Famous

May 21, 2008

http://www.jessicadunton.com/blog/2008/05/hunan_king_is_speed_dial_3.html

My friend Jess just posted the above on her blog. I am, apparently, able to make a gourmet meal with accidental ingredients.

NOT this week! Cooking at Chez Troy has been happening but things have been pretty chill. I pan sauteed some garlic and rosemary chicken breasts and served them on some spiced up cous cous with sauteed broccolini on Sunday night and I made pan seared steak in a wine butter sauce w/ garlic spinach and potato perogis as sides last night…that was good with a half-bottle of a BV Coastal Cabernet. Good times but simple.

Maybe I’ll go crazy tomorrow night:).

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Caviar, again.

May 14, 2008

Last night at 8 PM found me staring at the cupboard seriously contemplating the take-out menus. I had just sliced into a bulb of fennel that had been sitting around  a bit too long (and so ended up in the trash. grrrrr.) and there weren’t any other fresh veggies in the crisper excepting some arugula and some mixed greens. Salad or Pasta. Kill me. Kill me now.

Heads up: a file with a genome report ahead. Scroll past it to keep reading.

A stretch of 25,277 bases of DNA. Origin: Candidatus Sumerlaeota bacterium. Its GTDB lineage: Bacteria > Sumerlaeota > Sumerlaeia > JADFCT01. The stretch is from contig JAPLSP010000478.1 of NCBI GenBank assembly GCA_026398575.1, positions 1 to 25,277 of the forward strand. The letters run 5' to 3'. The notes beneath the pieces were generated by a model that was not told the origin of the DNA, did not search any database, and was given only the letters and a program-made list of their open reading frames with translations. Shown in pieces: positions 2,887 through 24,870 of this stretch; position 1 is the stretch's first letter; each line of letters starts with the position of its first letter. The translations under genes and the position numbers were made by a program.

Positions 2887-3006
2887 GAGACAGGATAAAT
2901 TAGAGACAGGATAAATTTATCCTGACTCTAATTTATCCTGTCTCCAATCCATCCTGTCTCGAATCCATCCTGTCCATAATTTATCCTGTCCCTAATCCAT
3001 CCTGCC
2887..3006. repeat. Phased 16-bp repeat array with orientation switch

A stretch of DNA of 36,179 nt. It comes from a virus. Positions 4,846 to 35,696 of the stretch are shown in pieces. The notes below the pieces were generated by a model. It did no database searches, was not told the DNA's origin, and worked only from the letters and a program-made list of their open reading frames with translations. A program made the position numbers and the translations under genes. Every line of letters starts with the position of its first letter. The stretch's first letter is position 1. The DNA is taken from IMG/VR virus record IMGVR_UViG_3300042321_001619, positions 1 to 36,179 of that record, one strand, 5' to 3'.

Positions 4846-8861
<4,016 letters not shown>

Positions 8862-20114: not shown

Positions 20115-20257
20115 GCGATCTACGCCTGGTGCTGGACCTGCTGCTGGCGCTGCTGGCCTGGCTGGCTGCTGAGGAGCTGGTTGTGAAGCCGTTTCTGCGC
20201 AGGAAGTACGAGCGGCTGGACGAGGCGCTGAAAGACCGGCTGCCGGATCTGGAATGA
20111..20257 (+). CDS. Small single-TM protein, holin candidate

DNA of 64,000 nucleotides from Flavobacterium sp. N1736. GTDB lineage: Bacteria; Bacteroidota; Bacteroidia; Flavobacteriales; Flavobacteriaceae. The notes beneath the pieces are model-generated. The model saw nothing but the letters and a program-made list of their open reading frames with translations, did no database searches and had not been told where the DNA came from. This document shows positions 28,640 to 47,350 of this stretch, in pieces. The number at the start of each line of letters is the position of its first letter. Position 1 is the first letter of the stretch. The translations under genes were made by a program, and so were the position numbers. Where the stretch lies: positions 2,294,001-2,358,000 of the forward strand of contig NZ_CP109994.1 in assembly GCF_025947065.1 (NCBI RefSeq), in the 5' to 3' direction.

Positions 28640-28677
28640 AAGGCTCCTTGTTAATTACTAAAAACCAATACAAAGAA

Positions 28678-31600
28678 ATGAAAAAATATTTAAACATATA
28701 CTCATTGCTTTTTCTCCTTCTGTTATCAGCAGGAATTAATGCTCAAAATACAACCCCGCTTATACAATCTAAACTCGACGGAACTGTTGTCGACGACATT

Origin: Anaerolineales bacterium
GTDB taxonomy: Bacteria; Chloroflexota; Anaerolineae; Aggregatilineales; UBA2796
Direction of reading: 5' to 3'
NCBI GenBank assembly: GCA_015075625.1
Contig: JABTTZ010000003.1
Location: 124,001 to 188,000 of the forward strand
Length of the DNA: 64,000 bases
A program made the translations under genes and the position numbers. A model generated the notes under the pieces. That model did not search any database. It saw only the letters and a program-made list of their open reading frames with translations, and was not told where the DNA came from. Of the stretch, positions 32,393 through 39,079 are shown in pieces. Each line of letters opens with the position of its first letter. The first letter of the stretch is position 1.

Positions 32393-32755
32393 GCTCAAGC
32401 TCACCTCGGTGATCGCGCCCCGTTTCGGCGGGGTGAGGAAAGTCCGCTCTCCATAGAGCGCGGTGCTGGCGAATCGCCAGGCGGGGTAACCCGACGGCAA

I decided to saute the Beluga lentils I’d just bought on a whim from Trader Joe’s with some garlic and diced onion. I snipped a small amount of fresh rosemary from our plant on the porch and put some in the saute pan AND put it in a saucepan with milk, a dash of cream, 1 tbsp. of butter, salt and pepper. I then made my creamy semolina polenta and served the lentils over that. When everything was done and I served the bowls I grated a bit of parm over the polenta  before scooping the lentils on top. It was VERY yum. 

I believe the beluga lentils are $1.99 for a pouch so the meal cost around $4 or $5 and there was a portion left over for Kevin’s lunch today. Vegetarian, cheap and easy.

Tra la, it IS May

May 13, 2008

As we’ve all been struck down by combo of spring bug and the overwhelming pollen count, I haven’t really been cooking much. Chili…sandwiches… a few green salads but really a lot of ordering in. I did however get white asparagus on sale in our Fresh Direct order and had to figure out over the weekend a nice but simple way to use it:

White Asparagus Soup

“bundle” of white asparagus (chop off ends, peel and then cut into three-ish likesized pieces)
1 cup of chicken stock (you can use veggie stock, of course)
dash of vermouth
1 tbsp. butter and 1 tbsp. of olive oil
Fresh thyme (the leaves of two sprigs)
1 small shallot diced
1 or 2 garlic cloves minced (or crushed…garlic is optional)
1/2- 2/3 cup of water